Three WhatCD Replacements Popped Up In Just One Week

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Last month, whatCD was shut down by anti-piracy police in France.  This week, there are already three replacements.  Is there any learning going on?

For those just tuning in, one of the largest Bittorrent trackers just got shut down.  Prior to its sudden death, WhatCD offered nearly 3 million torrents from roughly 900,000 artists.  Its user base was approaching 150,000.

Now, it’s a dead page.  But instead of everyone going away, the entire BitTorrent community has been creating replicas.  “Within a matter of days several new trackers appeared online,” Ernesto from Torrentfreak relayed.  “Some of these alternatives already have close to 200,000 torrents in their collection, and that’s just the start.

With astonishing speed, a least three have popped up, and they’re growing fast.  According to the Torrentfreak report, these are the different BitTorrent trackers filling the void:

  1. PTH (Pass the Headphones)
  2. Apollo (aka Xanax)

PTH (Pass the Headphones)

According to Torrentfreak, PTH has already reached its 200,000th tracker link.  That’s as big as OiNK at its peak, just prior to its shutdown in 2007.  “Pass The Headphones is a new music tracker that aims to fill the void left in the wake of shutting down,” the founders described.

At present, this is an entirely private network with massive security.  But invites have been circulating from this forum since November 27th.  Undoubtedly, there are other invites circulating among the torrenting community.

And it’s growing fast.  Torrentfreak says the community is being capped at 10,000, with most familiar with the secret passcode.  “Run by some familiar faces in the private tracker community, security is at the top of the list of priorities,” the site creators reiterated.

Apollo (Xanax)

Apollo, originally named Xanax, also seems to be springing up quickly.  And just like PTH, there’s a focus on security.  Currently, the site is soliciting applications here, with posted IRC channel hashtags.

“Applications are open! Apply now and join the community!” the site invites.


Catchy title, but this looks like a tightly-closed door.  Torrentfreak says the founders are being extremely careful about letting anyone in.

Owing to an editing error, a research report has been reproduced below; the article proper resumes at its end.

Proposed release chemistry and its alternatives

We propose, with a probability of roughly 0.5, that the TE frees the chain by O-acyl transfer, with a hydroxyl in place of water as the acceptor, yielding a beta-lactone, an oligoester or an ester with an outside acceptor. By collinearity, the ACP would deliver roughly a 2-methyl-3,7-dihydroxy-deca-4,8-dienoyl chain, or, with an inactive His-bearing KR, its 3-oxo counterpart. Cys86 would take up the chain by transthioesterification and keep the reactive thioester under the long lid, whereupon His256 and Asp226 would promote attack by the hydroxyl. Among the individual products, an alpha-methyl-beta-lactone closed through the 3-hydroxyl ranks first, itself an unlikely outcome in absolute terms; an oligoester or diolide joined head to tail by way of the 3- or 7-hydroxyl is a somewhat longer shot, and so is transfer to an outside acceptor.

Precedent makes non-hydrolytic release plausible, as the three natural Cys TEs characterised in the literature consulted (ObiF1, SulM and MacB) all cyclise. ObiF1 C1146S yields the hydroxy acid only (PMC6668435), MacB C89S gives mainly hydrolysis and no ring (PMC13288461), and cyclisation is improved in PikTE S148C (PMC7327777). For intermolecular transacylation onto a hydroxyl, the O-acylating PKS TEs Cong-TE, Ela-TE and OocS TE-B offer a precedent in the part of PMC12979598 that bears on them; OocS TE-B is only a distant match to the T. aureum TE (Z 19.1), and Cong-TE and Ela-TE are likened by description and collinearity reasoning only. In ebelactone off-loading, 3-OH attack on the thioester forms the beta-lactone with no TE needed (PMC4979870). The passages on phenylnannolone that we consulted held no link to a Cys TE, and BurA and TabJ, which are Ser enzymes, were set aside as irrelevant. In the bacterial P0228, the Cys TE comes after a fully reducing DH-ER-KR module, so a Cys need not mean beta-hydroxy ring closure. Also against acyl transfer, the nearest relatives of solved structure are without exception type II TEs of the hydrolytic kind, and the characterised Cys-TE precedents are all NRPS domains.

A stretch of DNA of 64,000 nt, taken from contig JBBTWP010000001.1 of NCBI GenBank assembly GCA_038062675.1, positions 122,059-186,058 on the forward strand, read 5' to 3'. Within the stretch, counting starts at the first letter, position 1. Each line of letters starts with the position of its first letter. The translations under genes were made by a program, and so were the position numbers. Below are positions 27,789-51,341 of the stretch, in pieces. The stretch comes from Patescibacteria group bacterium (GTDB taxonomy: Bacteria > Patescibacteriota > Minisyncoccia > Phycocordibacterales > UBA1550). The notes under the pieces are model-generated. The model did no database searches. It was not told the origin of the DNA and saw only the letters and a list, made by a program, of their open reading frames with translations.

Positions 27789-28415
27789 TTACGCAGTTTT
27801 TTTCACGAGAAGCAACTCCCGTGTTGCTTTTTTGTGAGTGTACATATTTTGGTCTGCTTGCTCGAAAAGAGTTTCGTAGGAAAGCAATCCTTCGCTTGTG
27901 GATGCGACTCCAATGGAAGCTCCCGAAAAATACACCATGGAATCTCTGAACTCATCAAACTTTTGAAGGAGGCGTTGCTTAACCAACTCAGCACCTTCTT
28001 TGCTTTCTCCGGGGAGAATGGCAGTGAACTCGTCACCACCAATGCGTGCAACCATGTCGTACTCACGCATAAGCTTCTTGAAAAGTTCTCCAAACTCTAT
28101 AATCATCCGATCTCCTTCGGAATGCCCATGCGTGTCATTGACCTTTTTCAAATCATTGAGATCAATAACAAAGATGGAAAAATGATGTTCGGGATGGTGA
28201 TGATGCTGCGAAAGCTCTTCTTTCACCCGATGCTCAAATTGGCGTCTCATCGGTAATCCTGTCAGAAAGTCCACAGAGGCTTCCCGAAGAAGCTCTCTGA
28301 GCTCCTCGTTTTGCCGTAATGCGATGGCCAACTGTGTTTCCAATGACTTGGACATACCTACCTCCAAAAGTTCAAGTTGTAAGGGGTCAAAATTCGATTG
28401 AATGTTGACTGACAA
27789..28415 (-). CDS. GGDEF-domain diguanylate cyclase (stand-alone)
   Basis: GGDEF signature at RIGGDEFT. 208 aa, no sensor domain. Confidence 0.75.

A visit to the site basically says as much.  “You’ve stumbled upon a door where your mind is the key. There are none who will lend you guidance; these trials are yours to conquer alone. Entering here will take more than mere logic and strategy, but the criteria are just as hidden as what they reveal.”

“This is a mirage.”

More whack-a-m0ling ahead?

Whether anti-piracy police are lurking around these replacements is unclear.  Ironically, many of them receive information about piracy upstarts from Digital Music News, and a few shutdowns have started with our reporting.

But DMN is also sharply critical of a non-stop whack-a-mole that never seems to skill the piracy hyrdra.  Indeed, a recent research report indicated that anti-piracy enforcement has had a negligible impact on music piracy.  Sure, the bigger hubs are shut down, but users are largely undeterred.

So what really kills piracy?  The answer, unsurprisingly, is low-priced streaming from players like Spotify.  Not because music fans feel guilty, but because it’s simply far more convenient to stream it for free.  Or, shockingly, pay $9.99 a month.

5 Responses

  1. Omgwana Kikbuti

    Spotify = Radio
    Files = Collection
    You do the math.

    • Kevin

      Not really… when you have on-demand (including offline syncing) of the entire world of music at your fingertips (Spotify), that beats managing an offline, self-maintained library/collection.

      Then there are things like iTunes that combined the worst of all worlds… self-maintained AND purchased collection…

      The article is spot-on in the last bit… Spotify killed music piracy for me, simply for the sheer convenience of it. Software devs, the movie industry, etc. should all learn from this model – make the entry price low enough, and the ease of use high enough, and virtually no one will bother to pirate anymore! Wasted effort trying to stop people that would never have paid for your existing service model anyway is a losing battle that hurts virtually no one but the enforcer themselves (and those paying members that eat the cost of such futility)

      • CLAYTON

        This is the right answer. Spotify is just too easy and too cheap to ignore if you like a large variety of music and like to listen in a number of places.

        In college and during the early part of my adult life, I had accumulated almost a TB of music. It started as crappy .mp3s off Napster but eventually as my listening equipment (and ear) improved, I moved to exclusively .flac. I was snagging quite a few off torrent sites, but also buying and ripping albums for the bands I really appreciated.

        Even with a home server and remote access, it was still cumbersome to take music on the go (especially with poor .flac support and relatively small storage capacity on early devices). With Spotify, I pay $10 a month and can stream music on the go to any of my devices, I can download playlists for offline listening, I can quickly discover new music, I can share my playlists with friends… and it’s all quick and effortless.

        When I’m at home and really want to appreciate, say, Damn the Torpedoes in all it’s glory, I pull up the .flac on the audiophile equipment. But for “Here Comes My Girl” at work via a Bluetooth speaker or via headphones on the airplane, it’s Spotify all the way.

    • Caracono

      Is not the same kind of community, what made me love